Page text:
Assertions Recall that it is possible to define preconditions and postconditions of XL operations (see Section 4.4). The more general concept is the concept of an assertion that can be executed at any point during the execution of an XL operation. Assertion statements are described using the following notation:

assert < booleanExpression > throw < expression >

If the Boolean expression evaluates to TRUE, the execution continues normally. Otherwise, an exception is raised. The second expression specifies the exception that is raised in this case.

Imperative statements in XL
Conditional statements

Just like most other programming languages, XL provides an IF-THEN-ELSE statement in order to carry out conditions:

if ( < booleanExpression > ) then
      < statement >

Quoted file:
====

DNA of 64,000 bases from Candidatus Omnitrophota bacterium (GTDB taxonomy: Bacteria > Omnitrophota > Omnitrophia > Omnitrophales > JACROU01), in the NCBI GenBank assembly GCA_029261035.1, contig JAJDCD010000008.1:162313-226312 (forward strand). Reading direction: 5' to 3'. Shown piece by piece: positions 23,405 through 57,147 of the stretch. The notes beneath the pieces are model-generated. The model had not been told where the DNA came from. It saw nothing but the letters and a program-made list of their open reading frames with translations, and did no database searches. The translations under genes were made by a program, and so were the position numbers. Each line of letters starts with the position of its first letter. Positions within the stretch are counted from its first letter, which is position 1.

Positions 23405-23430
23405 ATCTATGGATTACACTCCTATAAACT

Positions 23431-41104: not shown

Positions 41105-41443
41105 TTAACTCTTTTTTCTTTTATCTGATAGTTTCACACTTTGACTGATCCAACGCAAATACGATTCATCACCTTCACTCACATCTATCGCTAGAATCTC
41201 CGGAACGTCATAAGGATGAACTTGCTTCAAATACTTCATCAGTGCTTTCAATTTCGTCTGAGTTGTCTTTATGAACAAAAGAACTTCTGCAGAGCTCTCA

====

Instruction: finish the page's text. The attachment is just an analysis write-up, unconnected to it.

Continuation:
< statement >

The semantics are straightforward and the same as in other imperative programming languages.
Furthermore, XL supports the following SWITCH statement:

   if ( < booleanExpression > )
   then < statement > end
   if ( < booleanExpression > )
   then < statement > end
   if ( < booleanExpression > )
   then < statement > end
   !! ...
   [default < statement > end]

Again, the semantics are straightforward. The Boolean expressions are checked from the top to the bottom until an expression evaluates to TRUE. At most one statement is executed - after that the switch statement terminates without considering any other Boolean expression. (In C++ and Java, break statements are used for this purpose.) The DEFAULT clause is optional.

Iteration statements

XL supports three different kinds of loops: WHILE loops, DO-WHILE loops, and FOR-LET-WHERE-DO loops, with the following syntax:

while ( < booleanExpression > ) do
   < satement >


   < statement >
while ( < booleanExpression > )


for < variable> in < expression >